Fighting intrusive nutsedge


Q. I have a terrible kind of grass growing in my flower beds. I've never seen it before. It's a yellowish green color, is hard to pull up and is flowering now. The leaves grow in groups of three. Could it have come in the mulch I put down in the spring? How do I get rid of it? I try to grow organically and prefer not to use herbicides.

A. You have nutsedge, a.k.a. nutgrass. Botanically, it's a sedge, not a grass; sedges have triangular stems. This a difficult weed to control. It spreads primarily by rhizomes (underground stems) and tubers (the small brown growths, the size of a corn kernel, produced at the ends of the rhizomes). When you pull up the leaves, the rhizomes and nutlets are left behind and produce new plants. Un-sprouted tubers can remain viable in the soil for 10 years! Try digging up the plants and as much of the roots and rhizomes as possible. You'll have to keep at it through next spring and summer as well. If you decide to use a herbicide, look for crabgrass killer with nutgrass on the label. Several applications will be required, beginning in May when new plants emerge.

Q. Why are so many of my cucumbers deformed? They thin out and get gnarly on the end opposite the stem. Is it something in the soil?

A. No, it's a pollination problem. Each female bloom must be visited 8 to 12 times by bees to produce a fully formed cucumber. The bees carry pollen from the male blooms to the female blooms. Each ovule in the tiny ovary(fruit) below the female bloom will grow into a seed if it is fertilized with a grain of pollen. The developing seeds then signal the plant to produce fruit tissue for protection. If too few bee visits are made, pollen is in short supply and some seeds don't get fertilized. The solution is to encourage bee activity by eliminating insecticide sprays when plants begin to bloom and planting a wide variety of flowering plants in your garden. You might also consider becoming a backyard beekeeper. Contact your county's beekeeping association or the number below for more information.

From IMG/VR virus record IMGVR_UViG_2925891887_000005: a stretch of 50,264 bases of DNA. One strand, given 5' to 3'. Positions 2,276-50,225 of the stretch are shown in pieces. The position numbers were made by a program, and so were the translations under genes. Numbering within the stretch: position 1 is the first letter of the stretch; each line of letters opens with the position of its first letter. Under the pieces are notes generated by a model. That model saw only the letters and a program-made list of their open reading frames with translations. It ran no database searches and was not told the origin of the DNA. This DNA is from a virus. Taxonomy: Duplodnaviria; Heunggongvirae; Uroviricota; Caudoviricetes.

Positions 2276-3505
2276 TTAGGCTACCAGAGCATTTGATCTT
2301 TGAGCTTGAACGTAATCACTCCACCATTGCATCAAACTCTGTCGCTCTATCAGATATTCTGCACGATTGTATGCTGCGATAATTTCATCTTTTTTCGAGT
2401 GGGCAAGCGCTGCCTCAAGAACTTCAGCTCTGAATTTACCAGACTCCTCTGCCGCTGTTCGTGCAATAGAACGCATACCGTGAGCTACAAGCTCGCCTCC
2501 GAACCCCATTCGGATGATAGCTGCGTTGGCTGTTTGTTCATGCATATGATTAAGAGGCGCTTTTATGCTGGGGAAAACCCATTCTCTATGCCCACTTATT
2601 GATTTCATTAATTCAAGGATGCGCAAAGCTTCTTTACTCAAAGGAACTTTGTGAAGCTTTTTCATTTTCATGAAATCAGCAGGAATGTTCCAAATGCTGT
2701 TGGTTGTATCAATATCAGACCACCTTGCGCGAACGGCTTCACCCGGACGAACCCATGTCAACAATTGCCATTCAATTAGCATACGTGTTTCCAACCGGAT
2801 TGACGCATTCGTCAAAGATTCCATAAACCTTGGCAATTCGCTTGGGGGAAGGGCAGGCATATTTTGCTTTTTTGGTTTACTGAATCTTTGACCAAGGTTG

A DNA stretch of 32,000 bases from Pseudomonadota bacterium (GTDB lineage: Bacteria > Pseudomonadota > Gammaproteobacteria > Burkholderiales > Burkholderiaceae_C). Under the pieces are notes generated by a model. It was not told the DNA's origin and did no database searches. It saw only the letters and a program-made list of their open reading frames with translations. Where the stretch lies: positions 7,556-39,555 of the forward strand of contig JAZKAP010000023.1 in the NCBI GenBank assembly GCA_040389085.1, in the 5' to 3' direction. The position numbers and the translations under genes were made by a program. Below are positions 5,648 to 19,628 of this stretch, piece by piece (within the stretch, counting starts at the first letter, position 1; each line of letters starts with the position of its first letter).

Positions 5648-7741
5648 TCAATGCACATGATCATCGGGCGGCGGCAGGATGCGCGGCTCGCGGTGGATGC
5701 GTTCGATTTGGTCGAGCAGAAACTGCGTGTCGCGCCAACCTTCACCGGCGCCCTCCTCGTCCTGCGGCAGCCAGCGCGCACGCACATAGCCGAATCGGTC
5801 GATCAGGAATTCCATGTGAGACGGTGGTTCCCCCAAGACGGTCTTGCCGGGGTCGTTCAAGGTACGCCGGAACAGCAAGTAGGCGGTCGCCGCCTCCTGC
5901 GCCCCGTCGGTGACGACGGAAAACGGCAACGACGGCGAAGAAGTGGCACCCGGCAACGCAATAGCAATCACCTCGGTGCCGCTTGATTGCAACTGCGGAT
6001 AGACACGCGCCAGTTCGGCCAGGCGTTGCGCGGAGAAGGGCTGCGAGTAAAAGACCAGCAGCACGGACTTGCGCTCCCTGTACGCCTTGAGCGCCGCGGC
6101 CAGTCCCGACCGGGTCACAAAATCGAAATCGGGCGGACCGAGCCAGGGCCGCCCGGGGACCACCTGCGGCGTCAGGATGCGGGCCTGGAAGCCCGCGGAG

1. Pumpkins that are fully colored and have a hard rind should be cut from the vine, leaving a 4- to 5-inch piece of stem for a handle. Store these in a cool, dry location. Avoid bumping or bruising your pumpkins.

2. Plant hardy mums now so they will become well-established prior to cool weather. This is also a good time to plant perennials.

Backyard Q&A; is by Jon Traunfeld, regional specialist for the Home and Garden Information Center, Maryland Cooperative Extension Services of the University of Maryland. For additional information on these questions, or if you have questions of your own, call the center's hot line at 800-342-2507, or visit its Web site at www.agnr.umd. edu / users / hgic.

Copyright © 2019, The Baltimore Sun, a Baltimore Sun Media Group publication | Place an Ad